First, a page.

Congressional Action Needed for Recognition of All Same-Sex Marriages
On June 20, 2014, the Department of Veterans Affairs (VA) announced the conclusion of its review and implementation of the Supreme Court’s decision in the Windsor case, and released guidance to same-sex married couples seeking benefits. As part of the announcement, the VA reaffirmed its commitment to recognizing same-sex marriages to the fullest extent allowed by law and is now processing all claims and applications that had been put on hold while the review was ongoing.
Unfortunately, both the VA and the Justice Department believe that Title 38 section 103(c), which applies a “place of residence” rule, prevents the recognition of same-sex marriages for veterans living in non-marriage equality states in regards to many vital benefits, although these have not yet been clearly defined publicly by the VA. The Administration is calling on Congress to take action through legislation so that all veterans will have access to their earned benefits.
Today’s announcement means that legally married LGBT veterans living in marriage equality states should now have access to ALL earned benefits. However, legally married LGBT veterans living in non-marriage equality states will continue to face challenges when applying for many vital benefits. Some benefits identified today that will be available to all regardless of where the veteran resides and are not restricted by Title 38 section 103(c) include:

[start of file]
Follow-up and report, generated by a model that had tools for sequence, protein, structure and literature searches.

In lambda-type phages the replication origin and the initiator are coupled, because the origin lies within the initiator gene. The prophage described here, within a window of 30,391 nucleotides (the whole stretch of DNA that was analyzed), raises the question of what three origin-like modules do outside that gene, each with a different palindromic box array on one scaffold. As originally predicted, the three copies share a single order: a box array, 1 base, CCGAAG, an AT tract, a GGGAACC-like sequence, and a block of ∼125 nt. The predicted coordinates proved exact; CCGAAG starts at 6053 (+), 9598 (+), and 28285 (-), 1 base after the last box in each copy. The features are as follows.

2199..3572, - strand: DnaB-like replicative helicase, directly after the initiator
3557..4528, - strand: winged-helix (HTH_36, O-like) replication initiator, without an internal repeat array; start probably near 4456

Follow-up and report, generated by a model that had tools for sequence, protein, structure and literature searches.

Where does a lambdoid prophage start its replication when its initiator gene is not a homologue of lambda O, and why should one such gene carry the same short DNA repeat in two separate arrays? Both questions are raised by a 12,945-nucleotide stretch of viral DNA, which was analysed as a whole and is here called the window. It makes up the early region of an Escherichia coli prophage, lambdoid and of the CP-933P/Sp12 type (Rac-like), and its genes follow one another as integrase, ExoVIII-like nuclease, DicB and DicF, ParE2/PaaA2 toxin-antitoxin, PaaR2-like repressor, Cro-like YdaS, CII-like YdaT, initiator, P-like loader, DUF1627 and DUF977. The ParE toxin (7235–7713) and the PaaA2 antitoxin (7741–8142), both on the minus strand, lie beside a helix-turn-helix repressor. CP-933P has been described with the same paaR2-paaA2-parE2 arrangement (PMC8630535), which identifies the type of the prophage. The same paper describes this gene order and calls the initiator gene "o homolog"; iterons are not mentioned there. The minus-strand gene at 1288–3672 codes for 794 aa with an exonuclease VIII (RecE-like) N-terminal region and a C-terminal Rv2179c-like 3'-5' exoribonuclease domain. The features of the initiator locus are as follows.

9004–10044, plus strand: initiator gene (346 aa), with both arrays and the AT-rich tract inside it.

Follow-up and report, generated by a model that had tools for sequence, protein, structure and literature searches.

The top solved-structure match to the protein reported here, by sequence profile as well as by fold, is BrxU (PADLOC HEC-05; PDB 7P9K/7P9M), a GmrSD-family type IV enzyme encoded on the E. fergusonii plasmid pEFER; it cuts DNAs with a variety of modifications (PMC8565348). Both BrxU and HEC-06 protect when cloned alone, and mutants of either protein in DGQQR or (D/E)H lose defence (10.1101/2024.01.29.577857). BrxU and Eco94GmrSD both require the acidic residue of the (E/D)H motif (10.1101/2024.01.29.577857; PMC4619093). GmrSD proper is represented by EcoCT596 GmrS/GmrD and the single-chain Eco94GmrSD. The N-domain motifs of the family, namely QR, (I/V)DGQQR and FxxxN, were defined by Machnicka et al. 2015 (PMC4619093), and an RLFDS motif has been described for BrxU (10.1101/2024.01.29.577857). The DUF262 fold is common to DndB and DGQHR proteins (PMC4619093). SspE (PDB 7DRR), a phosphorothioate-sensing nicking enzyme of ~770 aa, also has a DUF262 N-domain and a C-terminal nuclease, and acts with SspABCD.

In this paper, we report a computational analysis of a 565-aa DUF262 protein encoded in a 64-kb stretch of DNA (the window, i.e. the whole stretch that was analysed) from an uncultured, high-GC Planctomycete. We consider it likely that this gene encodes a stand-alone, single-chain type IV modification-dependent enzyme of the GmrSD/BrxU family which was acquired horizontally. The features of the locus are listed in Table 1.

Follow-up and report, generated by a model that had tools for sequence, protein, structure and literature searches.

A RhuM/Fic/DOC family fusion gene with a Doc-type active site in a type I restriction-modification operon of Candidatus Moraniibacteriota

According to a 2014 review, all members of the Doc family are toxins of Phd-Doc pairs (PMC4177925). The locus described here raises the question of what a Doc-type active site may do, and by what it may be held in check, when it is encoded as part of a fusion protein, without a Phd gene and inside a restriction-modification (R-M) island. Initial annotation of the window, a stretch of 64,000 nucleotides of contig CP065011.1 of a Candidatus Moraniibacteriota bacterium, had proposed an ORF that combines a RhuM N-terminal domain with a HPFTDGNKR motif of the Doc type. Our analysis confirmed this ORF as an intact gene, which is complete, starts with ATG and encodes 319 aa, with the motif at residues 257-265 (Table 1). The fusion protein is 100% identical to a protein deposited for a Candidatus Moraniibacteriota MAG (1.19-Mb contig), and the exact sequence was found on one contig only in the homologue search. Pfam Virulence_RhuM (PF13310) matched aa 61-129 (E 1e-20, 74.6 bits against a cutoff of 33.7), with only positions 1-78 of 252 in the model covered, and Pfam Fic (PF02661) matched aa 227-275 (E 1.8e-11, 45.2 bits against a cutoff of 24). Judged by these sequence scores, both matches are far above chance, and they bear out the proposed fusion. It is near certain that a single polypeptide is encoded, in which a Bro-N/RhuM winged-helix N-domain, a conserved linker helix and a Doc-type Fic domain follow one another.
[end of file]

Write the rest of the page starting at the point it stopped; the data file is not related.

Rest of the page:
- Servicemembers’ Group Life Insurance (SGLI)
- Family Servicemembers’ Group Life Insurance (FSGLI), including the process of converting a spouse’s FSGLI coverage to an individual policy spouse of a
- Veterans’ Group Life Insurance (VGLI)
- Post 9/11 GI Bill Benefits (VA’s recognizes all DoD-approved transfers to dependents)
- Survivors’ and Dependents’ Educational Assistance if the relationship is based on marriage to a Servicemember.
- Burial or memorialization benefits if the relationship is based on marriage to certain reservists, certain members of the reserve officer training corps, certain wartime allies of the U.S., and certain individuals entitled (or who would have been entitled but for their age) to retirement pay.
BOTTOMLINE: We have a long and hard battle ahead of us in working with our elected officials in Congress to fix this injustice. We simply cannot allow our nation’s veterans to continue to be denied the benefits they’ve earned just because of the gender of their spouse or where they happen to reside. While the Administration has made great efforts in providing legal recognition to married same-sex couples wherever they determined it legally possible, it simply isn’t enough. Our LGBT veterans have served, sacrificed, and in some cases died right alongside our heterosexual counterparts, and our nation cannot allow this injustice to continue. We must demand of our Congress that they pass legislation to address this issue immediately.